So the satisfaction came from getting to play all of them, because they always felt like very human organic shifts when something would come up when you’re like, “Oh, she’s good at scamming?” It’s like, well, I secretly always thought that she came from some kind of chaos, and I specifically thought she was raised by an addict. We did that a lot on the show where I’m making up backstory and subtext they don’t know about. I would always tell them, “If I ever do behavior that you know is going to ruin something you’re planning, then just come over and swat me and I’ll do something else.” But that never happened. And they were writing things that I was then like, “Oh, that matches.” I mean, when we did the flashback and my mom was an alcoholic, I was like, “Mmmm!” I think I thought it was my dad. But still I had been constructing things around that.

So it was a nice little dance. I’ve enjoyed playing all of them. And all of them have been challenging, which is also — when you tell somebody something was challenging, also what you’re saying is somebody gave me a chance to get better. And I liked it. I like, like going, “That scene, I am not sure if I can pull that one off, but you’re going to have to. You’re going to have to figure it out.”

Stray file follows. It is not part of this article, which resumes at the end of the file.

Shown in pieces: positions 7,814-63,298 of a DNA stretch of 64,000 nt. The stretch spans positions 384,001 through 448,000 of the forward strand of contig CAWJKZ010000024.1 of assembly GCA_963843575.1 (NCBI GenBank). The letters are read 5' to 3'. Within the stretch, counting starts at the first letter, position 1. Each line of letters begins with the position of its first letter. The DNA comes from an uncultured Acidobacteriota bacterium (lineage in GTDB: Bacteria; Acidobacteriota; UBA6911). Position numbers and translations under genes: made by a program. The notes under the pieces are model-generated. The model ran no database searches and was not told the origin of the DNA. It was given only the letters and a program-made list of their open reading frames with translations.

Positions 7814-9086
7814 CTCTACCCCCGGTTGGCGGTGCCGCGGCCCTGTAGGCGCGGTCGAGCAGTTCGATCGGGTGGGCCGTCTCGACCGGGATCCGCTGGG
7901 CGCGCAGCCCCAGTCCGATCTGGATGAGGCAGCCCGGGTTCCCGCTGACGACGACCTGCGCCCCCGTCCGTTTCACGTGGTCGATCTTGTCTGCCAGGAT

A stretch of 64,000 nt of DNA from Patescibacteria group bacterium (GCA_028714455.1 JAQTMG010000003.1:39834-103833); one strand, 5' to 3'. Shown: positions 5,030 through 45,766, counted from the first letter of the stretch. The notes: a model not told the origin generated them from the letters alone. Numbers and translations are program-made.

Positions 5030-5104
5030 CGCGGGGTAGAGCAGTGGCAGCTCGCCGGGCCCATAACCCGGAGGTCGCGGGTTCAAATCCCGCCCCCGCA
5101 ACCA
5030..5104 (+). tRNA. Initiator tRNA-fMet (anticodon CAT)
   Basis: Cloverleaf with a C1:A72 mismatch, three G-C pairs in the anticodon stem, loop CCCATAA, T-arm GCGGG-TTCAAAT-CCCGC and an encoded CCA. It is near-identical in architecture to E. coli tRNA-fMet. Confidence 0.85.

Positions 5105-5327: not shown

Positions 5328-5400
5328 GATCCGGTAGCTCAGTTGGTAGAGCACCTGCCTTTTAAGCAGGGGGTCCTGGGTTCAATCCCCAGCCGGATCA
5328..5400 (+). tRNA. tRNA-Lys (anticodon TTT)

Villarreal: It became increasingly stressful to watch Kim’s character. The stakes got higher and higher. Were there any particular scenes that stood out where the stress was really felt for you as the performer?

Seehorn: Yeah. I mean, there was quite a few of them. And my breakup scene with Jimmy was extraordinarily difficult.

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[Clip from “Better Call Saul”: KIM: You asked if you were bad for me. That’s not it. We are bad for each other. JIMMY: Kim, don’t do this. Kim, please. KIM: Jimmy, I have had the time of my life with you.]

Seehorn: And my scene where we almost break up. But instead, she says, “Or maybe we get married.” Very technically challenging scene.

[Clip from “Better Call Saul”: KIM: I cannot keep living like this. JIMMY: Oh, no, no, Kim, we can fix this. KIM: Shut up, Jimmy. Jimmy, you know this has to change. If you don’t see it I don’t know what to say because we are at a breaking point. Either we end this now, either we end this now and enjoy the time we had and go our separate ways, or, or…. JIMMY: Or what? KIM: Or, or … maybe … maybe we get married.]